• Headline inflation jumped in March, but it’s too soon to sound the alarm. Economic slack is still high, inflation expectations benign, and the Fed unlikely to sit on the sidelines if they drift up persistently.
  • Retail sales surged in March, thanks to massive income supports, accelerated vaccine rollouts and loosening restrictions

Financial News



U.S. – Much to Cheer About

Financial News- Energy Prices Push Headline Inflation over 2% by Core Inflation Remains Subdued

Who said the stock market rally was over? After a slow start to the week, the S&P 500 hit another all time high. As of writing, the index is up 1.3% compared to last week’s close. Equities were helped by strong earnings and better than expected economic data. But interestingly, bond yields dropped on the news. At the time of writing, the 10-year Treasury yield was down nine basis points compared to last week. Usually, bond yields rise in response to strong data. The fact that yields drifted lower might seem like an anomaly but is likely due to the market already having priced in the economic recovery and inflation expectations. Meanwhile, growth stocks behaved as expected. Lower yields tend to increase future earnings of growth-oriented companies. So, tech stock rebounded as yields dropped.

On to one of economists’ favorite topic these days, inflation! Consumer prices jumped in March (Chart 1). Inflation rose 0.6% month-on-month (m/m), pushing headline inflation to 2.6% year-on-year (y/y). Meanwhile, core inflation (ex. food and energy) was up 0.3% compared to the previous month and 1.6% higher compared to a year ago. The rise in inflation was mostly due to energy prices which went up 5.0% on the month. Energy prices will continue to keep the headline inflation number elevated over the next few months. In fact, year-on-year inflation numbers are likely to push through the 3% mark given the drop in prices in the second quarter of 2020.Financial News- Retail Sales Are Swooshing Up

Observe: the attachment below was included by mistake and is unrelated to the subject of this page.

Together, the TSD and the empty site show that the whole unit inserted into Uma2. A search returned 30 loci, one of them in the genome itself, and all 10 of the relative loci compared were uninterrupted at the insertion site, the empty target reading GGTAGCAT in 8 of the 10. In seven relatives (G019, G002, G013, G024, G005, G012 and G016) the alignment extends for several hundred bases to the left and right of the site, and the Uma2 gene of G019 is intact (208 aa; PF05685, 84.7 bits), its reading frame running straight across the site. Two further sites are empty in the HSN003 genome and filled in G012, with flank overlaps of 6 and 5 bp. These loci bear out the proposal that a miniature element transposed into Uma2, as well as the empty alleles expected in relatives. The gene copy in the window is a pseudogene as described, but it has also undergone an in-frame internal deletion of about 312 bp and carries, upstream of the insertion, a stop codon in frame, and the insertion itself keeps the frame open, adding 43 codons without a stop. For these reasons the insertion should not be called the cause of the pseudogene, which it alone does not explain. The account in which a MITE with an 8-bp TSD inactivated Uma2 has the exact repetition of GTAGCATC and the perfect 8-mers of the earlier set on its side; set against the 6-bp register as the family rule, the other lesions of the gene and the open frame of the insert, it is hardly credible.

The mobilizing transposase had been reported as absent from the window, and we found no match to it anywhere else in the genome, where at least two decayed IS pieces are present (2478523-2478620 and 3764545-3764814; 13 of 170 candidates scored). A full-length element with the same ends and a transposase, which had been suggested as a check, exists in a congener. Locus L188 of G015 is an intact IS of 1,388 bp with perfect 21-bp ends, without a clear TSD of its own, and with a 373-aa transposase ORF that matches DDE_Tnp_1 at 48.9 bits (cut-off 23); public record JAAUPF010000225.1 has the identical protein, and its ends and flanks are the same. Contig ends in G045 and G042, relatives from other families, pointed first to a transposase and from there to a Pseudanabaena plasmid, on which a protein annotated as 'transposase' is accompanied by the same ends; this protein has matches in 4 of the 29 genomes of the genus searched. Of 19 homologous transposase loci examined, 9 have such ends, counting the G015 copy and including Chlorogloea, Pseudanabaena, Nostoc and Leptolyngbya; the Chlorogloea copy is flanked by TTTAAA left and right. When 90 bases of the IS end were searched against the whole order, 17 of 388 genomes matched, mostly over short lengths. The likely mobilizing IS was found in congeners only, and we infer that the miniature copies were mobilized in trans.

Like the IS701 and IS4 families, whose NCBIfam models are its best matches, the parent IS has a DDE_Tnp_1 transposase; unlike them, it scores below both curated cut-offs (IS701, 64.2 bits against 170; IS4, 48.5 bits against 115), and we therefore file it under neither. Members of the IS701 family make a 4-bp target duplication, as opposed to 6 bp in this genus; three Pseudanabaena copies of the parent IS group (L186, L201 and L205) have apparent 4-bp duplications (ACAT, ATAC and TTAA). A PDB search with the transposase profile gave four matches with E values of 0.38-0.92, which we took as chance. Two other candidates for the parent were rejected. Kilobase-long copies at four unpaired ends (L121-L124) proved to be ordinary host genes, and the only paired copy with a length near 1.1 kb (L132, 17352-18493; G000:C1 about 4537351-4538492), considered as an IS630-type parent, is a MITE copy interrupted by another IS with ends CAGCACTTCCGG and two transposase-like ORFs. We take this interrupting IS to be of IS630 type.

Still, its too soon to sound the inflation alarm. The unemployment rate is still 2.5 percentage points (ppts) higher than its pre-recession level and there are roughly eight million fewer jobs. The 5-year U.S. breakeven – a measure of inflation expectations based on the spread between nominal and inflation adjusted Treasury yields – has cooled since hitting its highest point since 2008 in March. Rest assured the Federal Reserve is watching this and other measures of inflation expectations closely. In fact, Fed Vice Chair Richard Clarida said that if inflation expectations were to “drift up persistently […] that would indicate to me that policy would need to be adjusted.” Clarida also added that the Fed’s “metrics of success” on inflation is keeping inflation expectations anchored at 2%. According to the Vice Chair, inflation expectations most recently stood at 1.96%.

Meanwhile, income supports, accelerated vaccine rollouts and loosening restrictions helped retail sales end the first quarter on a high note (Chart 2). Retail sales surged by 9.8% month-on-month in March, almost four ppts more than market expectations. The level of retail sales was a whopping 17.1% higher than February 2020, just before pandemic-induced restrictions took hold. Going forward, spending is likely remain robust as the job market strengthens and Americans tap into accumulated savings.

Sohaib Shahid, Senior Economist | 416-982-2556


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